Using similar strategies, Card and Krueger also examined the relationship between black-white earnings differences and black-white differences in measured school quality. These analyses are particularly interesting because they cover time periods in which many southern states provided far more resources for white schools than for schools attended by black children. The analyses used earnings data from the 1960, 1970, and 1980 Census files as well as data on school inputs in 18 segregated states from 1915 to 1966. Card and Krueger pieced together data on term length, teacher pay, and student-teacher ratios from several sources and examined whether differences in school resources among states and within states over time help to explain the variation in black-white wage differences among adults born in different states.
One set of analyses involved only blacks born in southern states who moved to specific metropolitan areas in the North. The results indicated that better-funded schools are associated with higher returns from schooling. It is possible that these analyses were compromised by nonrandom patterns of migration. However, given the low rates of college completion among southern blacks during the period they looked at, I doubt that the earnings of college graduates contribute much to the results.
As a whole, the paper provides considerable evidence that, in many southern states, the practice of separate and unequal schooling for blacks and whites during the first half of this century contributed significantly to the economic deprivation of southern blacks. Furthermore, the overall improvement of black schooling relative to white schooling, even before the integration of schools in the 1960s, contributed to the economic progress of southern blacks. These results may not speak directly to current education policy debates because no group in our society attends schools that are as poorly funded as those attended by many southern blacks before the Civil Rights Movement. However, the results are a noteworthy addition to a significant literature that documents the historical role of education policy in denying opportunity to black Americans.
Off the Table
In his final chapter, originally written for a Federal Reserve Bank of New York conference, Krueger maintains that there is no immediate need for dramatic reforms in the school system. He writes:
My personal view is that policymakers should be risk-averse when it comes to changing public school systems. To alter the institutional structure of U.S. schools radically without sufficient evidence that the “reforms” would be successful is to put our children at risk. . . . careful experimentation and evaluation should proceed on a limited basis before wide-scale institutional changes are introduced, such as vouchers, magnet schools and charter schools.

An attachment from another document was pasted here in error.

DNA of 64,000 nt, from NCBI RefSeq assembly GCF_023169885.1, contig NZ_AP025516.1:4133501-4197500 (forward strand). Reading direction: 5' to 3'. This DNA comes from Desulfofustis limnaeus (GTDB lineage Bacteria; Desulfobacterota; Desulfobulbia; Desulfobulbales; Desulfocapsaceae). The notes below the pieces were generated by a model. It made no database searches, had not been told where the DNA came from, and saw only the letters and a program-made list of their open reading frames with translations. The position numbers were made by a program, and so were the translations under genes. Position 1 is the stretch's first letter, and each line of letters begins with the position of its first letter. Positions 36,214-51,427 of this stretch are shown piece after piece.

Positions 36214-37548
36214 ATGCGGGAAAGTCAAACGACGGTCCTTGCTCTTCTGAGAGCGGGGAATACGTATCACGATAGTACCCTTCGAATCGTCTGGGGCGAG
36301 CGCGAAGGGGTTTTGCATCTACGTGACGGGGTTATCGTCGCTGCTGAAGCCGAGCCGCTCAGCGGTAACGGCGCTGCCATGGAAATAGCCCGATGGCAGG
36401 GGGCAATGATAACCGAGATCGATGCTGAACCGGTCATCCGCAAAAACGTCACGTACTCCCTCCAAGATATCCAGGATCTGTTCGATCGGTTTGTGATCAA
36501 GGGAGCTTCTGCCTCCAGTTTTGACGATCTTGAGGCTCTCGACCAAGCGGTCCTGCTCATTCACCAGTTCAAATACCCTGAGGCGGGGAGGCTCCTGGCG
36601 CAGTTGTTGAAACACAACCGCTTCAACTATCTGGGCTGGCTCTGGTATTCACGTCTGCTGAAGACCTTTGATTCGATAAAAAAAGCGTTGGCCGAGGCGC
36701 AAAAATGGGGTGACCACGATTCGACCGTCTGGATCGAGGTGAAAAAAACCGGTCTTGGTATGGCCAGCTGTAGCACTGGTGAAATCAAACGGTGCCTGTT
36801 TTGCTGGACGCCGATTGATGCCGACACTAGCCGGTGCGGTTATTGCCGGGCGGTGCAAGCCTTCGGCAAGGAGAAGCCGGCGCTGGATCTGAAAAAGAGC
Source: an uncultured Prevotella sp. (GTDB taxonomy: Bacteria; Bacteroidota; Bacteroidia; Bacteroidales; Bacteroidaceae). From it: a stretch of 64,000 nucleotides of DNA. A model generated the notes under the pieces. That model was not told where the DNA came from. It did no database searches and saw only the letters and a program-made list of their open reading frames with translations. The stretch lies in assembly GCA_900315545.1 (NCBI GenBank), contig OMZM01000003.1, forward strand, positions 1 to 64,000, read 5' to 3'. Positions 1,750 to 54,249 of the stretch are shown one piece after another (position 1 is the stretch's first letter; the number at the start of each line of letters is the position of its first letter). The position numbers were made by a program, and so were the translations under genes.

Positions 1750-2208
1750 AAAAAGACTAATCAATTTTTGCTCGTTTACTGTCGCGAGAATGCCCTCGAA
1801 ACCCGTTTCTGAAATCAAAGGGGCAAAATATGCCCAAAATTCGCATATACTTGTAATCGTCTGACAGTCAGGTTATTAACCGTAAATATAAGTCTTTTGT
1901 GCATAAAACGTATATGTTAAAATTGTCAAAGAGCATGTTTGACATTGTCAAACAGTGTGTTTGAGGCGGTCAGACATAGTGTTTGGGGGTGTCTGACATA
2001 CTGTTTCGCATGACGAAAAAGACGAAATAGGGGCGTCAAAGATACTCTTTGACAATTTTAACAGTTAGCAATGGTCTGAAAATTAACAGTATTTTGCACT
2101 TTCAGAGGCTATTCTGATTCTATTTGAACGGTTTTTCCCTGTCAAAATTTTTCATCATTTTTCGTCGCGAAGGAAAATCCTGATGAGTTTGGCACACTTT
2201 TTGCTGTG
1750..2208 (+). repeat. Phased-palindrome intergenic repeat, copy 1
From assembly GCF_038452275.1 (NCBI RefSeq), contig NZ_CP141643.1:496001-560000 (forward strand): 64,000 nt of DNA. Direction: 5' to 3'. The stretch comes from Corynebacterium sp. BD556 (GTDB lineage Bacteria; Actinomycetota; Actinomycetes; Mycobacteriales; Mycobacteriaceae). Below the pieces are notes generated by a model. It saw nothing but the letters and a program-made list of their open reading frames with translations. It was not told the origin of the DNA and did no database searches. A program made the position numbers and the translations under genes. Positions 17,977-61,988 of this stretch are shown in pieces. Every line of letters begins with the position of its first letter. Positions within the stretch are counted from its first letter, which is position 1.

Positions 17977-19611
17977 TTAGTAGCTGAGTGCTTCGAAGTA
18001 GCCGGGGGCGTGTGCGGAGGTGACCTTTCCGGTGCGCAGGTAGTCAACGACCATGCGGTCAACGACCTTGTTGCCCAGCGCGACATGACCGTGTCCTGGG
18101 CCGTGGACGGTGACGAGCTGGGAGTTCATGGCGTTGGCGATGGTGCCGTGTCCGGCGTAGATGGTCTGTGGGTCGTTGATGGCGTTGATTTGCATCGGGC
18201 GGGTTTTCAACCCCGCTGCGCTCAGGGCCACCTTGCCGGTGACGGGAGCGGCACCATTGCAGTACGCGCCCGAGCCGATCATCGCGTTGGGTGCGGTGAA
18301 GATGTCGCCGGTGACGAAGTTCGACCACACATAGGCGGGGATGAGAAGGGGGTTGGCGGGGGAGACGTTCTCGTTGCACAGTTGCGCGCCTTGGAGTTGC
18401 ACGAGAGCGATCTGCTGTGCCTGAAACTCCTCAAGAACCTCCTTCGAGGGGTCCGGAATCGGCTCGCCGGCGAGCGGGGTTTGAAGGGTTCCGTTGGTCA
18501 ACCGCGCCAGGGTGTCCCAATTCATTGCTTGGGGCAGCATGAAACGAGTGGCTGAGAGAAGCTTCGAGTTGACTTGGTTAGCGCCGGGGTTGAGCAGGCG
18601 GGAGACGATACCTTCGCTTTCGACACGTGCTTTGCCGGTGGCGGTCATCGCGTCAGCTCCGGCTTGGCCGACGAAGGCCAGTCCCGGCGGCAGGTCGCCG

I’m sympathetic to Krueger’s position that small experiments, evaluation, and incremental implementation are the prudent course with respect to school vouchers and related reforms. However, a similar argument can be made concerning reductions in class size, although Krueger generally treats reducing class size as a straightforward reform within the existing system of public schools. For example, in his paper on the STAR experiment Krueger argues that reducing class size by roughly seven students may be expected to enhance future earnings by an amount greater than or equal in present value to the current costs of smaller classes. Krueger admits that his calculations are rough and that it is hard to place a dollar value on the potential gains from reduced class sizes, but I am equally concerned that we do not really know how much it would cost to fund a large-scale reduction in class size while maintaining the current level of teacher quality.
Recent evaluations suggest that California schools did compromise teacher quality when they were forced to reduce class sizes dramatically in a short time period, and this result is expected. Good teaching requires skills that many people do not possess, and large-scale reductions in class size require large increases in the stock of teachers. Thus, significant reductions in class size cannot likely be accomplished over a short time horizon without compromising teacher quality. Furthermore, unless there is a much larger pool of potential elementary-school teachers than I imagine there is, a large expansion of the elementary-school teaching force would likely result in a long-run reduction in average teacher quality or require significant increases in salaries. Finally, given the wage schedules in public schools, any salary increases for elementary-school teachers would likely be enjoyed by secondary-school teachers as well, even if secondary-school class sizes remained unchanged.
As it stands, a thorough analysis of these issues would have nicely complemented Krueger’s work on the STAR experiment and the other papers in Education Matters. Krueger’s research provides some of the most credible evidence that small classes yield higher achievement, but more work is needed to demonstrate that the benefits of smaller classes outweigh the likely costs.
Derek Neal is an associate professor of economics at the University of Chicago.
Last updated July 14, 2006